While there is no visible clutter in walkways or on all the surfaces in the home, evidence of over-collecting will still be present. There may be plenty of clean counter space in the kitchen. However, one might notice that there are eight cookie jars, three blenders, and four sets of plates tightly stacked in the cabinet.
Most level 1 hoarder have stuffed every socially acceptable storage space in their house to the brim, often in a fashion that appears tidy due to the extensive organization that went into making sure every piece of the room was used up in these storage spaces.
Some grade 1 hoarders even fixate on how clean and sanitized their home is to deflect their obsessive collections.
Toilets and another drainage will be fully functioning, floors will be maintained, and animal waste will be controlled. There may be litter boxes or dog training pads in the home, but they are only in up to two locations with feces contained in and on the proper receptacles. Carpets will not be covered in stains, nor will they have ground in dirt and debris. All surfaces will be wiped clean, and there is not an overabundance of dust accumulation.
Hoarding situations escalate over time, and curbing the behavior early is best to avoid a catastrophic hoarding situation. While level 1 hoarders show few signs and symptoms, it is essential to recognize the beginning of their obsession with intangible items so intervention can occur before the situation worsens. It is also helpful to remember such a low level of hoarding, so it is easier to identify when the hoarded household has reached a higher level.
After all, hoarding is a recognized mental health disorder, and as such, delicate handling of the situation is required.
Our licensed and certified professionals can handle any hoarding situation. Regardless of what is happening at the location that has you worried, we are here 24/7 to help you. Call us at 866-99-DECON.
Learn from our 15+ Years Experience with Hoarding Assistance. Hoarding is destructive to your property values as well as theirs. There are many ways to go about working with a harder to get them to clean up the mess. In this free eBook download, Spaulding Decon teaches you lessons learned from dealing with Hoarding Cleanup and the psychology behind hoarding disorders.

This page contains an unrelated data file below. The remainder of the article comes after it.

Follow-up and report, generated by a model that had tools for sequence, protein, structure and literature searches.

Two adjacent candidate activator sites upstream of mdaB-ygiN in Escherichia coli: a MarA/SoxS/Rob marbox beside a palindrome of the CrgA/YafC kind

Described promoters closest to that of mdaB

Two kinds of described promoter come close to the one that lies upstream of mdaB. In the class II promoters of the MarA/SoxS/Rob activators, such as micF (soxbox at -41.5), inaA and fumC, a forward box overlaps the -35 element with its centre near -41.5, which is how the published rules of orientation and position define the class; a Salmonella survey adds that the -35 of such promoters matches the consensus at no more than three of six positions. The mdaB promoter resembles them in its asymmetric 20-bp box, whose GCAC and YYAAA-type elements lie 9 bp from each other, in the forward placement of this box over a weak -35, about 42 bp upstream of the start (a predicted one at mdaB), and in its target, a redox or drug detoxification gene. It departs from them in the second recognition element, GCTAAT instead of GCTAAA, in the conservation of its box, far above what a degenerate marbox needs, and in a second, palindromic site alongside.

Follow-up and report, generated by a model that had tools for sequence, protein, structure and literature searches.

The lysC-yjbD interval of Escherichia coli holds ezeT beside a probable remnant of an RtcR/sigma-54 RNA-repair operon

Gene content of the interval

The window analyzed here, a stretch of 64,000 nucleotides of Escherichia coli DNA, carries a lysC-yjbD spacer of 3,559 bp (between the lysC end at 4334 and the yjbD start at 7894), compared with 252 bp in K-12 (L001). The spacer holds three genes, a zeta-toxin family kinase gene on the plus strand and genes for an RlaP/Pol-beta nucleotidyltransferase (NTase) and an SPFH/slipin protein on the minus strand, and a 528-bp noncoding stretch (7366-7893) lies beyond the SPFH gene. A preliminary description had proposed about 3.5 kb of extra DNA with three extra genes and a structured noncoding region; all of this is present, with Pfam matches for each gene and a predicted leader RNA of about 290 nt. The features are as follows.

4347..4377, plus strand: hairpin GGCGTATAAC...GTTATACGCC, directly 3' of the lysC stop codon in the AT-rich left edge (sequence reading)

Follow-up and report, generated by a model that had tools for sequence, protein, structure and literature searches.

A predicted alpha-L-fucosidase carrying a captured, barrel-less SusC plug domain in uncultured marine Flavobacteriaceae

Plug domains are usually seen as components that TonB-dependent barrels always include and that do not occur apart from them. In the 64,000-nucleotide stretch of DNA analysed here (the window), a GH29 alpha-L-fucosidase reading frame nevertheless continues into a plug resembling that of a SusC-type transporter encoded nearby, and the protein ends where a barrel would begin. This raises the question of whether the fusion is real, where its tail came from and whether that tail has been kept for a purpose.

For landlords, maneuvering around the complex issues concerning hoarding and tenant rights can be tricky. Because of the connection between hoarding and mental illness, your tenant, by law, is covered by the Americans with Disabilities Act (ADA). One wrong move, and you could face a lawsuit.
As a landlord, everything and anything that happens on your property becomes your problem. Hoarding affects over one million people in the US in some capacity, which means that as a landlord there is a high likelihood that one of your tenants may hoard. Due to hoarding being recognized as a mental disability, hoarders are protected under the Fair Housing Act and cannot be evicted for the act of hoarding. Though they do have rights as a tenant, if the hoarding causes a breach in the lease, that may be grounds for eviction. Many times, hoarding may cause emergency exits to be blocked, old food to attract rodents, and cause damage to the apartment or home – this would be a breach of the lease.
Hoarding is a severe problem for a large amount of people around the world. It tends to be first-world nations like the United States that have greater incidences of hoarding. This is likely because people here have acquired disposable income. The more you learn about hoarding, the more you realize that you do not have to have disposable income to become a hoarder. People often collect free and found items as part of their hoard. Over the past 50 years, the number of people who are hoarding has increased exponentially.